Space that a table uses is not completely released after you use a DELETE statement to delete data from the table in SQL Server

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Article ID: 913399 - View products that this article applies to.
Bug #: 219514 (SQL Server 8.0)
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SYMPTOMS

After you use a DELETE statement in Microsoft SQL Server to delete data from a table, you may notice that the space that the table uses is not completely released. When you then try to insert data in the database, you may receive the following error message:
Could not allocate space for object 'TableName' in database 'DatabaseName' because the 'PRIMARY' filegroup is full.
Note TableName represents the name of the table. DatabaseName represents the name of the database that contains the table.

CAUSE

This problem occurs because SQL Server only releases all the pages that a heap table uses when the following conditions are true:
  • A deletion on this table occurs.
  • A table-level lock is being held.
Note A heap table is any table that is not associated with a clustered index.

If pages are not deallocated, other objects in the database cannot reuse the pages.

However, when you enable a row versioning-based isolation level in a SQL Server 2005 database, pages cannot be released even if a table-level lock is being held. For more information about row versioning-based isolation levels, see the "Using Row Versioning-based Isolation Levels" topic in SQL Server 2005 Books Online.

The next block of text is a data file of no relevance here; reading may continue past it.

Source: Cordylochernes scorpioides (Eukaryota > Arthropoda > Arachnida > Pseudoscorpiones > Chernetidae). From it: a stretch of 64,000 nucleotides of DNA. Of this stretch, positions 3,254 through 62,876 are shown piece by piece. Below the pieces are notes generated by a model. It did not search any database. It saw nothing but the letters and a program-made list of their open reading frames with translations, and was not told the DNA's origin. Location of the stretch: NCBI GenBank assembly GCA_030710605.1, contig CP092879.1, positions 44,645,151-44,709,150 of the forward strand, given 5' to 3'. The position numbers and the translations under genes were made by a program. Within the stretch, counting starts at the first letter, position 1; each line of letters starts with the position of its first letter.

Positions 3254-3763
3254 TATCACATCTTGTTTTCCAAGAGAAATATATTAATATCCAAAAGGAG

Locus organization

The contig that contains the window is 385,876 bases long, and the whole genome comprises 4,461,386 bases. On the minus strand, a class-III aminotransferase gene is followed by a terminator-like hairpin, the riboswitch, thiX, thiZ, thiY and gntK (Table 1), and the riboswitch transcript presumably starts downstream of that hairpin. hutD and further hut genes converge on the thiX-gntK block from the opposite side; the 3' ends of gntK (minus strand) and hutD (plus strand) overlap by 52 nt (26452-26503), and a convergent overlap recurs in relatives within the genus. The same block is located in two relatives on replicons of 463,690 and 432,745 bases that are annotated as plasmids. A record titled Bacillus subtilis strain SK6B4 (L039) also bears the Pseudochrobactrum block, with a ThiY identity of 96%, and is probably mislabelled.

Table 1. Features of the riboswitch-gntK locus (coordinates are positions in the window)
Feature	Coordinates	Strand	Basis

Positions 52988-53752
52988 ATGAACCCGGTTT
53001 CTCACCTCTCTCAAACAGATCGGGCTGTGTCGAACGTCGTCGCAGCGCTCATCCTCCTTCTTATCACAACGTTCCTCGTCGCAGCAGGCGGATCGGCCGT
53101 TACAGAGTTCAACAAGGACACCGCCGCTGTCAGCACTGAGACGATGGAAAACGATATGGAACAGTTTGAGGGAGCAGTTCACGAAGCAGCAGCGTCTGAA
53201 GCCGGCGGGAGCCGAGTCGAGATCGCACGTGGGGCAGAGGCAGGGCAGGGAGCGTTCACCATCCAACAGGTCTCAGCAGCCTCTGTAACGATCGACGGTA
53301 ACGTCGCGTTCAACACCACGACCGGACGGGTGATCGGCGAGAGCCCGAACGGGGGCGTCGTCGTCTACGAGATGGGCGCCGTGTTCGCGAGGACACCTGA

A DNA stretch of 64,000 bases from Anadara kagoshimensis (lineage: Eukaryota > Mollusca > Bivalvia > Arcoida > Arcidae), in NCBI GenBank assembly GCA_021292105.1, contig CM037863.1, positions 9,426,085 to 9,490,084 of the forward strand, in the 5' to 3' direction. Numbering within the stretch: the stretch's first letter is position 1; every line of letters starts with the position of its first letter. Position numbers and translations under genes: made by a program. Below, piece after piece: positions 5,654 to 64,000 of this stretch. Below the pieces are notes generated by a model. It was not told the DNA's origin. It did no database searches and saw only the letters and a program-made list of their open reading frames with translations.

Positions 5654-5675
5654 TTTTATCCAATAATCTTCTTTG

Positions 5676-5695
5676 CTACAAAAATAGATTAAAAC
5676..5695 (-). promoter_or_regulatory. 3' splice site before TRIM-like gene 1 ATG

WORKAROUND

To work around this problem, use one of the following methods:
  • Include a TABLOCK hint in the DELETE statement if a row versioning-based isolation level is not enabled. For example, use a statement that is similar to the following:
    DELETE FROM <TableName> WITH (TABLOCK)
    Note <TableName> represents the name of the table.
  • Use the TRUNCATE TABLE statement if you want to delete all the records in the table. For example, use a statement that is similar to the following:
    TRUNCATE TABLE <TableName>
  • Create a clustered index on a column of the table. For more information about how to create a clustered index on a table, see the "Creating a Clustered Index" topic in SQL Server Books Online.

STATUS

Microsoft has confirmed that this is a problem in the Microsoft products that are listed in the "Applies to" section.

Properties

Article ID: 913399 - Last Review: November 2, 2007 - Revision: 1.2
APPLIES TO
  • Microsoft SQL Server 2005 Standard Edition
  • Microsoft SQL Server 2005 Developer Edition
  • Microsoft SQL Server 2005 Enterprise Edition
  • Microsoft SQL Server 2005 Express Edition
  • Microsoft SQL Server 2005 Workgroup Edition
  • Microsoft SQL Server 2000 Standard Edition
  • Microsoft SQL Server 2000 Desktop Engine (Windows)
  • Microsoft SQL Server 2000 Developer Edition
  • Microsoft SQL Server 2000 Enterprise Edition
  • Microsoft SQL Server 2000 Personal Edition
  • Microsoft SQL Server 7.0 Standard Edition
Keywords: 
kbexpertiseadvanced kbprb KB913399

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